Today's Rune: Strength.

Birthdays: Maxim Gorky, Dirk Bogarde.

Hasta La Vista!


Danny Tagalog said...

Gerry Rafferty's tune was frighteningly effective, and the man himself is quite an enigma. The music he pedals is/was popular, but with some strange Other. I loved Baker Street and Night Owl which was one of the better offerings I discovered in my fathers 'family party DJ' black box as an infant

Charles Gramlich said...

Reservoir dogs was certainly a bloody movie. I enjoyed it quite a bit. The cast was excellent.

Sheila said...

I watched that with my boyfriend and I was angry and sad and confused through the whole thing. Very bloody... and the names cracked me up... "why do I gotta be Mr. Pink?"

Johnny Yen said...

I'd never made the connection with The Good, the Bad and the Ugly. Great movie.

That scene near the end of G, B, U-- the stand-off-- there's more action in that scene, in which all three men are almost perfectly still, than in most of the action movies I've seen.

It's got a favorite line of mine, one I've maybe read too much in as a Marxist line: "There are two kinds of people in the world: those with guns, and those that dig."

Reservoir Dogs rang in my head for a week after I saw it-- the dialogue, the violence, the fast-moving script, the incredible cast-- all of it. I remember that I'd walk into a bar and half the bar would be talking about it. I've read that Tarantino got the ideas for the color-themed robbers from Pelham.

BTW, there were Reservoir Dogs action figures produced. The "Melvin the Cop" figure was pulled from the market right after 9/11.

I saw Pelham 1, 2, 3 for the first time a few months back-- a movie that gets talked about a lot as an influence on other movies. The cast was one of the best I've ever seen-- Robert Shaw, Hector Elizondo, Martin Balsam and Earl Hindman as the robbers, and Walter Matthau was brilliant as the world-weary cop in the midst of a dysfunctional 1970's New York.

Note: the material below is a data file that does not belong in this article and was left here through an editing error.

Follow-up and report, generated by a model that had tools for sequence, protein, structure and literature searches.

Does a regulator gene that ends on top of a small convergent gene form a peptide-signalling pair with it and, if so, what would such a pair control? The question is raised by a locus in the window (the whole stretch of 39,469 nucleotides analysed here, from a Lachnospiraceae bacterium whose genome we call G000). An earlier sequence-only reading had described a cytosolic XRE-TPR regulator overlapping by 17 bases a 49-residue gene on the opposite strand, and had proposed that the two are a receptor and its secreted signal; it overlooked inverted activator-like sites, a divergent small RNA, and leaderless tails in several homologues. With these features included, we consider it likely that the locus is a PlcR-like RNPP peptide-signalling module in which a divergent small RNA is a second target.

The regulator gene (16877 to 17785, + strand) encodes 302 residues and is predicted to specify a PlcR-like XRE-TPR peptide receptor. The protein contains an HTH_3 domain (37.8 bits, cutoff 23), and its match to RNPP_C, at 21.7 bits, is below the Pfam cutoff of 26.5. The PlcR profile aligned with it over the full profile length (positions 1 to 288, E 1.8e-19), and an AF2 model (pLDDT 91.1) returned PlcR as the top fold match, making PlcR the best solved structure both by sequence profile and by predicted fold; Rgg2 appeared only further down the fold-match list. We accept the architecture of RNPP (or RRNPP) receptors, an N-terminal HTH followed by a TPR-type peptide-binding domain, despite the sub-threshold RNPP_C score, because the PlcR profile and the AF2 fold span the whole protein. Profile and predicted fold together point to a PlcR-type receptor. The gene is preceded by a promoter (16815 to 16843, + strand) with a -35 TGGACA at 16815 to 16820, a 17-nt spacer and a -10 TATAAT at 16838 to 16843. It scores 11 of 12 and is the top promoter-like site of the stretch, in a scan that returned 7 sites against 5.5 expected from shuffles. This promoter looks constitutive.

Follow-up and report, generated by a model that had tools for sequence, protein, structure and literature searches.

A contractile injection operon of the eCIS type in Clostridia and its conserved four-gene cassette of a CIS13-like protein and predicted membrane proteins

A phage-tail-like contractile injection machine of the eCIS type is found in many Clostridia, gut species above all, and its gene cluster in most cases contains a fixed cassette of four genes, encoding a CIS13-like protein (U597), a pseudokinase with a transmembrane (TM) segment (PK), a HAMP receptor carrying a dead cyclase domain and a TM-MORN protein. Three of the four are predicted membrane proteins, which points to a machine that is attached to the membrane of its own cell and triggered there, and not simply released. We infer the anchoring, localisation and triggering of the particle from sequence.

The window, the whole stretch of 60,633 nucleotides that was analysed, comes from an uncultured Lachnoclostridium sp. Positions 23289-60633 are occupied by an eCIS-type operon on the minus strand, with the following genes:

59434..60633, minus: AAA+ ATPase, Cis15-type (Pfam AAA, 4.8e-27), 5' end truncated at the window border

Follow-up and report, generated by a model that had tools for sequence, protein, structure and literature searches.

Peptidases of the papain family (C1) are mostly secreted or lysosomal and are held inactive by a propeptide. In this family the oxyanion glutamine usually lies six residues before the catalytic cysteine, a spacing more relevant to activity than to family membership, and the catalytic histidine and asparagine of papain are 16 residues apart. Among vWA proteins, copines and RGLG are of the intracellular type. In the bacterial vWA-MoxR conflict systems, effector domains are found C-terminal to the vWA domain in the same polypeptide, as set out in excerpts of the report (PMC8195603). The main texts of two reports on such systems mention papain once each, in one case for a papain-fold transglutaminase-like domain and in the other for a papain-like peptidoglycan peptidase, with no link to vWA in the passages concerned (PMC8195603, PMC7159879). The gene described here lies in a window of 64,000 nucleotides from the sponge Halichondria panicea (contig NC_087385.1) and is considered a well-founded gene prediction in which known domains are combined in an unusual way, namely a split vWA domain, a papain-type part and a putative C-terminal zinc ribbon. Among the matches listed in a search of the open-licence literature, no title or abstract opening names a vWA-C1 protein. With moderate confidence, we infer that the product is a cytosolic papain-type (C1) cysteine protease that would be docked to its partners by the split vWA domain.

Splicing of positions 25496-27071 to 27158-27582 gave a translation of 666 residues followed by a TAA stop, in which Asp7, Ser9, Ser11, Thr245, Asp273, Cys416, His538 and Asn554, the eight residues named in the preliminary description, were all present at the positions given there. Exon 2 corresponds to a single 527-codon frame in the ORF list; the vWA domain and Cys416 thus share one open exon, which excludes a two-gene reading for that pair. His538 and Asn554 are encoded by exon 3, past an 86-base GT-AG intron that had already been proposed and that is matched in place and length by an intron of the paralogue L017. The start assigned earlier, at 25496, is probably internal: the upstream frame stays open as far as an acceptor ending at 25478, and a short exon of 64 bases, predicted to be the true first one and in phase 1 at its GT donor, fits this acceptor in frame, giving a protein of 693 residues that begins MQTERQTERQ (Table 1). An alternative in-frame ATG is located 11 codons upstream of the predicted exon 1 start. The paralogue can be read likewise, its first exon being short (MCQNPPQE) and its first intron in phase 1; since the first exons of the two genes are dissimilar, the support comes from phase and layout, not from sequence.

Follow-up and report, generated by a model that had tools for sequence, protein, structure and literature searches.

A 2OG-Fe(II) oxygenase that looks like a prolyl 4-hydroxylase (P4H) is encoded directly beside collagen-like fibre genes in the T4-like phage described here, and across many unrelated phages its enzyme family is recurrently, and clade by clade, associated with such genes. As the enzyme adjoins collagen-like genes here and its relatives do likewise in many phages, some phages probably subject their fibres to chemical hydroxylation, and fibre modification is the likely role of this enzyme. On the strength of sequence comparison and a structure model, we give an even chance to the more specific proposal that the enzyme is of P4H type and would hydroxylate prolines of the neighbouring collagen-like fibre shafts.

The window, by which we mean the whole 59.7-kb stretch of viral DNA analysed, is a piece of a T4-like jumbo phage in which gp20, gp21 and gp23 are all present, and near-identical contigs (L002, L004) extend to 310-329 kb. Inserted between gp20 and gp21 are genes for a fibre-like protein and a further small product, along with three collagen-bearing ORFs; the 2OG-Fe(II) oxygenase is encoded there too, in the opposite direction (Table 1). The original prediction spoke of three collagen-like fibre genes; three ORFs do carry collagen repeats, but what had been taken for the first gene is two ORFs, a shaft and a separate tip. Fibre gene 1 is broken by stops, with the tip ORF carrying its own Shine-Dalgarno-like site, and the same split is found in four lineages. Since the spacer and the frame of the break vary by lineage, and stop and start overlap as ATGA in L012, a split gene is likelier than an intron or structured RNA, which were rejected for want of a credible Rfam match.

JR's Thumbprints said...
This comment has been removed by the author.
JR's Thumbprints said...

Why is it that some movies that we know are outstanding we never go back to, yet others we're willing to watch again? I guess it's all about the entertainment value. There, I said it without error. (I think.)

Laura said...

The thing I didn't like about Reservoir Dogs was that in the end, everyone ends up dead.

Erik Donald France said...

Thanks y'all for the commentos,

Danny, I was so excited when I realized I was walking on Baker Street in London, such was the song's Proustian memory jolt.

Good points, everybody -- seems true, Jim. Johnny, couldn't agree more. Jerry Stiller is great in Pelham, too. That guy always cracks me up.

Laura -- except for Mr. Pink, who gets to flee with the jewels. Now there's a sequel . . .

Sidney said...

I love the opening scene a lot, where they're in the coffee shop, discussing tipping and all of that.